Socio-economic and cultural factors influencing gender roles in joint forest management around mount Meru catchment forest reserve, Tanzania

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Sokoine University of Agriculture


The contribution of women and men in Joint Forest Management (JFM) is highly needed for effective forest management and its consequent boost of economic levels in villages surrounding Mt. Meru Catchment FR, Arumeru district. This study assessed gender roles and determined the extent of participation of men and women in JFM activities around Mt. Meru Catchtchment FR. The study also intended to identify socio-economic and cultural factors influencing gender roles in JFM in Ilkiding’a and Poli wards. Data collection involved primary and secondary data collection. Quantitative data were analysed using SPSS. Qualitative information collected from key informants was subjected to content and structural analysis whereas qualitative data from PRA were analysed in the field with the help of communities. Land ownership, household income and number of people available for farm work have been identified through logistic regression analysis as socio-economic factors that significantly influence gender roles in JFM around Mt. Meru Catchment FR. Land ownership has significant influence on male participation in JFM. This implies that males, who are traditional land owners in the study area, are more likely to participate in JFM since land ownership acts as an incentive in participation. Conversely people who have no ownership rights to land are less likely to invest time and other resources in JFM participation. Households with larger number of members are more likely to participate in JFM. Women participation in JFM is positively and significantly influenced by household income in the study area. Women, who are generally poorer than their men counterparts, get motivated when they earn extra income coming from sources other than their normal source i.e. cultivation. Household size means more family labour available in planting and other forest activities, holding other factors constant. This study has concluded that effective participation of both men and women in JFM projects design and implementation is important to secure sustainable management of forest resources.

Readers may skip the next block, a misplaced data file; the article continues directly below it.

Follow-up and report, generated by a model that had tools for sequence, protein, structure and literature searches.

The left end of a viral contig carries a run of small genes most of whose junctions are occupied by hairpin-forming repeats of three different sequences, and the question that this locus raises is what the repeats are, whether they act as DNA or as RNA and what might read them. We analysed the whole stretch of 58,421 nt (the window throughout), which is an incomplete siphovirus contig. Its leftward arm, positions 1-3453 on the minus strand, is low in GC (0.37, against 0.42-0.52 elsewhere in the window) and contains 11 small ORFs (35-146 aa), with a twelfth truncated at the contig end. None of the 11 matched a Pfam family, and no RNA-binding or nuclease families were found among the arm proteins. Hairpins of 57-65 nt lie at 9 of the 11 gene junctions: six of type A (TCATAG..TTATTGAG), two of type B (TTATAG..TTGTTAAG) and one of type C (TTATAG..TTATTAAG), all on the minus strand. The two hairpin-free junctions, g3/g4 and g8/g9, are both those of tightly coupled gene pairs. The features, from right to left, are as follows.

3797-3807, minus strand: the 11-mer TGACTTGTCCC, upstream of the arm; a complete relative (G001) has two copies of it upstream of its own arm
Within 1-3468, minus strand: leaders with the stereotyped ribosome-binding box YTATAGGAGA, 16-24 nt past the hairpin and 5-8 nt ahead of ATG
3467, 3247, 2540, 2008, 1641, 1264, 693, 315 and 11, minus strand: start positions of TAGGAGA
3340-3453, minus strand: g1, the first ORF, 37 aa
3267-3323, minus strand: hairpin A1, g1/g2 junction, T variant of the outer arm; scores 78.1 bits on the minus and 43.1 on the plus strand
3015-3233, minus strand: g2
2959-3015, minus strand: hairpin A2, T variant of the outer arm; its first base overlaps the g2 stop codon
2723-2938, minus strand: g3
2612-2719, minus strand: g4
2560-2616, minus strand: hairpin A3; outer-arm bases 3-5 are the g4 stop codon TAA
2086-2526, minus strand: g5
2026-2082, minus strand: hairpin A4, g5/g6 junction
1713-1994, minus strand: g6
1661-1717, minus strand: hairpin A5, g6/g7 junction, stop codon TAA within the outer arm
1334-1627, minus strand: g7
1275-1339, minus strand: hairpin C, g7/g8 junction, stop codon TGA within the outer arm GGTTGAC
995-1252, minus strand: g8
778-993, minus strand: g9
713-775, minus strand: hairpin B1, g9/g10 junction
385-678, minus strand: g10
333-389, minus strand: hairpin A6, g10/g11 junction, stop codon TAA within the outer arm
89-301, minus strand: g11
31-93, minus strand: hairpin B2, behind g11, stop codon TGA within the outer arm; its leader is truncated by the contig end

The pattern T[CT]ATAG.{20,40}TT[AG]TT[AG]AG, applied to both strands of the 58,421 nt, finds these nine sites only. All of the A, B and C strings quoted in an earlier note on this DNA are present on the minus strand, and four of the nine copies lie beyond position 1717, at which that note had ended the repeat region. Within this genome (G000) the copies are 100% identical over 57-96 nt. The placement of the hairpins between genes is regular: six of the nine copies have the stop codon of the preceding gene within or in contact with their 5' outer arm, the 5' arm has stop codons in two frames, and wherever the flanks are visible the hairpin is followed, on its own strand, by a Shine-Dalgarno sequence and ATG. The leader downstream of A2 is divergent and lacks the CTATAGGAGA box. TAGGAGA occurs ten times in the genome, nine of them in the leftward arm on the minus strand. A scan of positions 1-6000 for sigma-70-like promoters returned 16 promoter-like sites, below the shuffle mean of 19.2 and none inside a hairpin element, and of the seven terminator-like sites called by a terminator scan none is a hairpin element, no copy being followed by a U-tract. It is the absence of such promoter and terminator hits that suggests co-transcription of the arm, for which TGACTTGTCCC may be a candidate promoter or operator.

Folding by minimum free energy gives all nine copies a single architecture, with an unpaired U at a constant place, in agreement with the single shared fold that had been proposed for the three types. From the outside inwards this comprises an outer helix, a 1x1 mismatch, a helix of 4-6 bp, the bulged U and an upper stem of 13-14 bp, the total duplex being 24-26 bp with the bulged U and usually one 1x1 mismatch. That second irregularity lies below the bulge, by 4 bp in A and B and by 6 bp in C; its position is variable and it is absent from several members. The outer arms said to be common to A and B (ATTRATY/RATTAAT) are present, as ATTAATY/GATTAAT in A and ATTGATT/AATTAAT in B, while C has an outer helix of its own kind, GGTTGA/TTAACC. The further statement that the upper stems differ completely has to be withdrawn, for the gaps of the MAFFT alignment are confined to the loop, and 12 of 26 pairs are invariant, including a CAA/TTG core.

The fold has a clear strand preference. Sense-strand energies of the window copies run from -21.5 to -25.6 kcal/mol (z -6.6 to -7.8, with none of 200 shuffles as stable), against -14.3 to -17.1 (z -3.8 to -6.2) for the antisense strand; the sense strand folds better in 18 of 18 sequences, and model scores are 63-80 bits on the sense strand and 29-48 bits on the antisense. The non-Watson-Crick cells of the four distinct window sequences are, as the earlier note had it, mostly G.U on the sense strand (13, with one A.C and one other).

Cultural Factors, Joint forest management, Forest management, Arumeru district, Gender roles, Forest management